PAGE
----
Mini Review ARTICLE
Assuring future potato tuber quality during storage
- 1Plant Science Laboratory, Cranfield University, United Kingdom
Potatoes represent an important staple food crop across the planet. Yet, to maintain tuber quality and extend availability, there is a necessity to store tubers for long periods often using industrial-scale facilities. In this context, preserving potato quality is pivotal for the seed, fresh and processing sectors. The industry has always innovated and invested in improved postharvest storage. However, the pace of technological change has and will continue to increase. For instance, more stringent legislation and changing consumer attitudes have driven renewed interest in creating alternative or complementary postharvest treatments to traditional chemically-reliant sprout suppression and disease control. Herein, the current knowledge on biochemical factors governing dormancy, the use of CIPC as well as existing and chemical alternatives, and the effects of pre- and postharvest factors to assure potato tuber quality is reviewed. Additionally, the role of genomics as a future approach to potato quality improvement is discussed. Critically, a better mechanistic understanding of how the pre-harvest environment influences tuber quality and the factors which govern dormancy transition should lead to a paradigm shift in how sustainable storage can be achieved.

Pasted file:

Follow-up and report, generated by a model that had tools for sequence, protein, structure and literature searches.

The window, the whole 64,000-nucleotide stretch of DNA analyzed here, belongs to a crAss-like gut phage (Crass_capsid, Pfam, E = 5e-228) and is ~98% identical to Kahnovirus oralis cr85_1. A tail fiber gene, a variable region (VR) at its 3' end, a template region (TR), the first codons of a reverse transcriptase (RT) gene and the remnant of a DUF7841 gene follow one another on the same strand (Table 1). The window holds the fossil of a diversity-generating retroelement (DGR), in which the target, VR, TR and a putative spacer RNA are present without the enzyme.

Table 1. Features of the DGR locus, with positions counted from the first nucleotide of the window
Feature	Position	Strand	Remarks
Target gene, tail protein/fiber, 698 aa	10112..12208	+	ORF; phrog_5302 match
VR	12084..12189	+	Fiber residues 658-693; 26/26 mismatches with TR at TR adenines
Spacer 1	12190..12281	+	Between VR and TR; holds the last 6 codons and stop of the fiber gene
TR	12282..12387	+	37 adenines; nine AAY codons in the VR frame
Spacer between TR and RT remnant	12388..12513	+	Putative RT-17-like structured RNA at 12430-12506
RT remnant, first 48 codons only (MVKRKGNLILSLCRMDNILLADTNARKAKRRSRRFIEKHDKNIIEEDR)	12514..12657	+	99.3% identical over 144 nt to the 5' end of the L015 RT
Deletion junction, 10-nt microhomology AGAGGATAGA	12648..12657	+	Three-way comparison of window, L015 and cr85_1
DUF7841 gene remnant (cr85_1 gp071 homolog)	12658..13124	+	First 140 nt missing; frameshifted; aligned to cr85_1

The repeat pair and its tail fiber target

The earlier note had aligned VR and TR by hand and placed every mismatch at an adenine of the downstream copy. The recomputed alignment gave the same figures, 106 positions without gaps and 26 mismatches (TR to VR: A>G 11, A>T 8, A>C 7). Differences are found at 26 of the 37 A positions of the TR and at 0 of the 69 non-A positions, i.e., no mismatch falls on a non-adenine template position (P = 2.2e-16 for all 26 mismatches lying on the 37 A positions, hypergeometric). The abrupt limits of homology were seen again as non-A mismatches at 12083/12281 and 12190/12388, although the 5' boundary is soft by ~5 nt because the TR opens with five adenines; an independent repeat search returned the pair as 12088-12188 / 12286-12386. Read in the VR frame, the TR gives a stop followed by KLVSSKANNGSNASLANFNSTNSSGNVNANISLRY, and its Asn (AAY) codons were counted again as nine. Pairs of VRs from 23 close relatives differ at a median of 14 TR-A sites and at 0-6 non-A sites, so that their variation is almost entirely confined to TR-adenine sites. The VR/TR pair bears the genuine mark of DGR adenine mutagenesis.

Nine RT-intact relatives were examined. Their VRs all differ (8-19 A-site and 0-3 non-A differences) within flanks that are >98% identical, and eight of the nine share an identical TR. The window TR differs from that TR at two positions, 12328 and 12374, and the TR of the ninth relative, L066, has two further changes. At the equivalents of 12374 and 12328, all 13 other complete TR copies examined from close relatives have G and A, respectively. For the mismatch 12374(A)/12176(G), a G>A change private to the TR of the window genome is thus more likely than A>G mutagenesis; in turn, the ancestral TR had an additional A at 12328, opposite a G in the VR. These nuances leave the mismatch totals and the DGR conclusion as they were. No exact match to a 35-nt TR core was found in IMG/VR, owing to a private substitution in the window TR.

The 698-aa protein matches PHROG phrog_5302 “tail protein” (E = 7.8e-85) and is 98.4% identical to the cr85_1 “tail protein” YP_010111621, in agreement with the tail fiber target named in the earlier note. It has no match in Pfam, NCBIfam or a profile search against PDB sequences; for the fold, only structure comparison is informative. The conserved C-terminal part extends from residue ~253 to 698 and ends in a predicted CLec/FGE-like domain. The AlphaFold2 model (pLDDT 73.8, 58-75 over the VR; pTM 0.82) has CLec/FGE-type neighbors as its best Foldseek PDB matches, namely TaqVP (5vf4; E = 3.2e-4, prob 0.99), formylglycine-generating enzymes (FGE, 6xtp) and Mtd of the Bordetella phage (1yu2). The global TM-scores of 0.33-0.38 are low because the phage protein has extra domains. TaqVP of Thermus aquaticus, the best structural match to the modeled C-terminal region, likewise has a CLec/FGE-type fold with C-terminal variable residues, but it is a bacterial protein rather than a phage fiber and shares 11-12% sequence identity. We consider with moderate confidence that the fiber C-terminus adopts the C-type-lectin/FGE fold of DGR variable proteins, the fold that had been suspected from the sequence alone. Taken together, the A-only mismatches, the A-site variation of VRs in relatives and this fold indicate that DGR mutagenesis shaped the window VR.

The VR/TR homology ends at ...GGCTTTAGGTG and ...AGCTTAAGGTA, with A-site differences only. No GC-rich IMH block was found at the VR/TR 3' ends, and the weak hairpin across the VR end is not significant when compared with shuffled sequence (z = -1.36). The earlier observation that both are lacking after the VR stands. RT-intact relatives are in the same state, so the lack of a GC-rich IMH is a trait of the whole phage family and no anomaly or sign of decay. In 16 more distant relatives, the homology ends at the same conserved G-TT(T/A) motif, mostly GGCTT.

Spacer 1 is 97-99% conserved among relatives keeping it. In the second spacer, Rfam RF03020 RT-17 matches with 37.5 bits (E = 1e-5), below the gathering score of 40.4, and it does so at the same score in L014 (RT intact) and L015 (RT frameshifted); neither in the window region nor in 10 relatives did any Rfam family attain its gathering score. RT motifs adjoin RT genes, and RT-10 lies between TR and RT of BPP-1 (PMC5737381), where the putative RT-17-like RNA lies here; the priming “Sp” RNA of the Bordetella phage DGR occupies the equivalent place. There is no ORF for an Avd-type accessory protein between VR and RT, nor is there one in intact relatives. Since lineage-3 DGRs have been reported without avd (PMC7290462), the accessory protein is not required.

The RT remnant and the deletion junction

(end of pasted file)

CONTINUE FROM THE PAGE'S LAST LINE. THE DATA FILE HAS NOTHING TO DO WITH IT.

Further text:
Keywords: Solanum tuberosum., dormancy, sprouting, Reducing sugars, CIPC alternatives
Received: 26 May 2017;
Accepted: 14 Nov 2017.
Edited by:Maarten HERTOG, KU Leuven, Belgium
Reviewed by:George A. Manganaris, Cyprus University of Technology, Cyprus
Domingos Almeida, Universidade de Lisboa, Portugal
María Serrano, University Miguel Hernández, Spain
Copyright: © 2017 Alamar, Tosetti, Landahl, Bermejo and Terry. This is an open-access article distributed under the terms of the Creative Commons Attribution License (CC BY). The use, distribution or reproduction in other forums is permitted, provided the original author(s) or licensor are credited and that the original publication in this journal is cited, in accordance with accepted academic practice. No use, distribution or reproduction is permitted which does not comply with these terms.
* Correspondence: Prof. Leon A. Terry, Cranfield University, Plant Science Laboratory, Cranfield, United Kingdom, email@example.com